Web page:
The Epic Western Still Affects Costner Like Manifest Destiny

INTERVIEW

'`ID like to think my life can add up to more than movies,'' Kevin Costner says. ``I'm taking a year off after my next film, to have time to rethink some things and maybe even reinvent myself.''

Mr. Costner, looking far from weary, says, ``It's the first time I've ever done so many films in a row in my life.'' He calls his current Warner Bros. release, ``Wyatt Earp,'' not just a western, but ``the big meal,'' a full-blown epic.

``I had this idea about three-and-a-half years ago,'' Costner explains. ``We all seem to love this narrow 40-year window in history. Wyatt Earp lived in the middle of it - he saw the buffalo disappear, the cow towns appear, wagon trains, railroad, freight, a new frontier. He became one of the West's legends.

``When my partner, Jim Wilson, and I first started talking about a movie on the life of Wyatt Earp, we saw it as a six-hour miniseries.''

In 1992, they approached writer-director-producer Lawrence Kasdan about this idea, but he wasn't interested. Mr. Kasdan had written and directed ``The Big Chill'' and gave Costner his first break in 1983 with a small role. But Costner's scenes were cut from the finished picture. When Kasdan told the young actor his part was out, Costner didn't make a big fuss. The director was so impressed by his lack of ego or anger, that he wrote Costner into his next movie - the 1985 western, ``Silverado.'' He also wrote ``The Bodyguard'' (1992) in which Costner starred.

Although Kasdan had no interest in a miniseries, he did make a counteroffer. `` `Instead of six hours of TV, why not let me write a different script that could develop into a three-hour movie?' '' Costner recalls Kasdan saying.

The result? An epic of a western that Mr. Wilson, Costner, and Kasdan produced, and Kasdan also directed.

``We didn't want Wyatt to be one-note; we exposed his dark side, his flaws. Early in the script, Gene Hackman, who plays Wyatt's father, drills into his four sons - `stick together, for there's nothing thicker than blood.' So when you see them walking shoulder to shoulder to the OK Corral, not knowing if they'll be dead in a few minutes, I wanted the audience to feel that family thing. To know there was someone walking next to you who would take a bullet for you.''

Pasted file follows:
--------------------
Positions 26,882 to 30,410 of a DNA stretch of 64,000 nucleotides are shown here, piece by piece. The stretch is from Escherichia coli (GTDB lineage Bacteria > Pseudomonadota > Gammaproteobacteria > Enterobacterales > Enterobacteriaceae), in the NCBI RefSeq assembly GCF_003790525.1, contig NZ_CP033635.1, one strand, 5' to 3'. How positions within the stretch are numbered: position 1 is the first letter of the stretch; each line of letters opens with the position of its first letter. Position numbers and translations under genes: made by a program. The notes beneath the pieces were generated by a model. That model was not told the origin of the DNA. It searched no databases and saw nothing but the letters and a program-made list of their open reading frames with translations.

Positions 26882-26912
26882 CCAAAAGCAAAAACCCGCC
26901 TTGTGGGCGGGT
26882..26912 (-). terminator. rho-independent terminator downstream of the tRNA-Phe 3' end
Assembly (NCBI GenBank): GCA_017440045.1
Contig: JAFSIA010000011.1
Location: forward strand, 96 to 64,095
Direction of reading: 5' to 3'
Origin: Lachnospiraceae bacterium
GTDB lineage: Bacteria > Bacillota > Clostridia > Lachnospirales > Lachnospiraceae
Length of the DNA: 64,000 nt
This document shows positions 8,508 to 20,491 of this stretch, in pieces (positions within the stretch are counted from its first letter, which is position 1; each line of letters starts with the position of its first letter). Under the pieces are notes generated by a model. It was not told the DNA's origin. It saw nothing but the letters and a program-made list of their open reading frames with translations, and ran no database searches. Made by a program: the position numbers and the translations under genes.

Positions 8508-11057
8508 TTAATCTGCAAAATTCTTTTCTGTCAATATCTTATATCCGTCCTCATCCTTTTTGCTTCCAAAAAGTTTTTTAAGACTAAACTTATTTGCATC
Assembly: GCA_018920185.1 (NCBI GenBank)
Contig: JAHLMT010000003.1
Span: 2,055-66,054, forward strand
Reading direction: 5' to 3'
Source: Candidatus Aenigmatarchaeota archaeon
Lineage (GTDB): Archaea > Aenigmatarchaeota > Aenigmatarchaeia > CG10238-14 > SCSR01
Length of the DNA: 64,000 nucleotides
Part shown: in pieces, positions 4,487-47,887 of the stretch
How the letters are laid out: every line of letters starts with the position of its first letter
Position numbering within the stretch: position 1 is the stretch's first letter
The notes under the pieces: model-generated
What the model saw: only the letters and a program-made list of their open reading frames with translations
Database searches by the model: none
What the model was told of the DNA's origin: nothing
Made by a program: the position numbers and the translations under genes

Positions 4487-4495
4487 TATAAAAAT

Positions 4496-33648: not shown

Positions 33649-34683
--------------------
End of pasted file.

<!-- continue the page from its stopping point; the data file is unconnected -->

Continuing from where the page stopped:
Costner, who won an Oscar for directing ``Dances With Wolves,'' doesn't plan to direct until after his year off. Even when he isn't directing or producing, he still offers advice.

``If I have an idea, or disagree with the director, I want to have a conversation about it.... If someone says, `Kevin, wait a second, think about it this way.' And `ding' a little light goes on and I agree. It gets to be - you can hear an idea, and know it will work.''

Share this story:

We want to hear, did we miss an angle we should have covered? Should we come back to this topic? Or just give us a rating for this story. We want to hear from you.

Loading...

Loading...

Loading...

Save for later

Save
Cancel

Saved ( of items)

This item has been saved to read later from any device.
Access saved items through your user name at the top of the page.

View Saved Items

OK

Failed to save

You reached the limit of 20 saved items.
Please visit following link to manage you saved items.

View Saved Items

OK

Failed to save

You have already saved this item.

View Saved Items

OK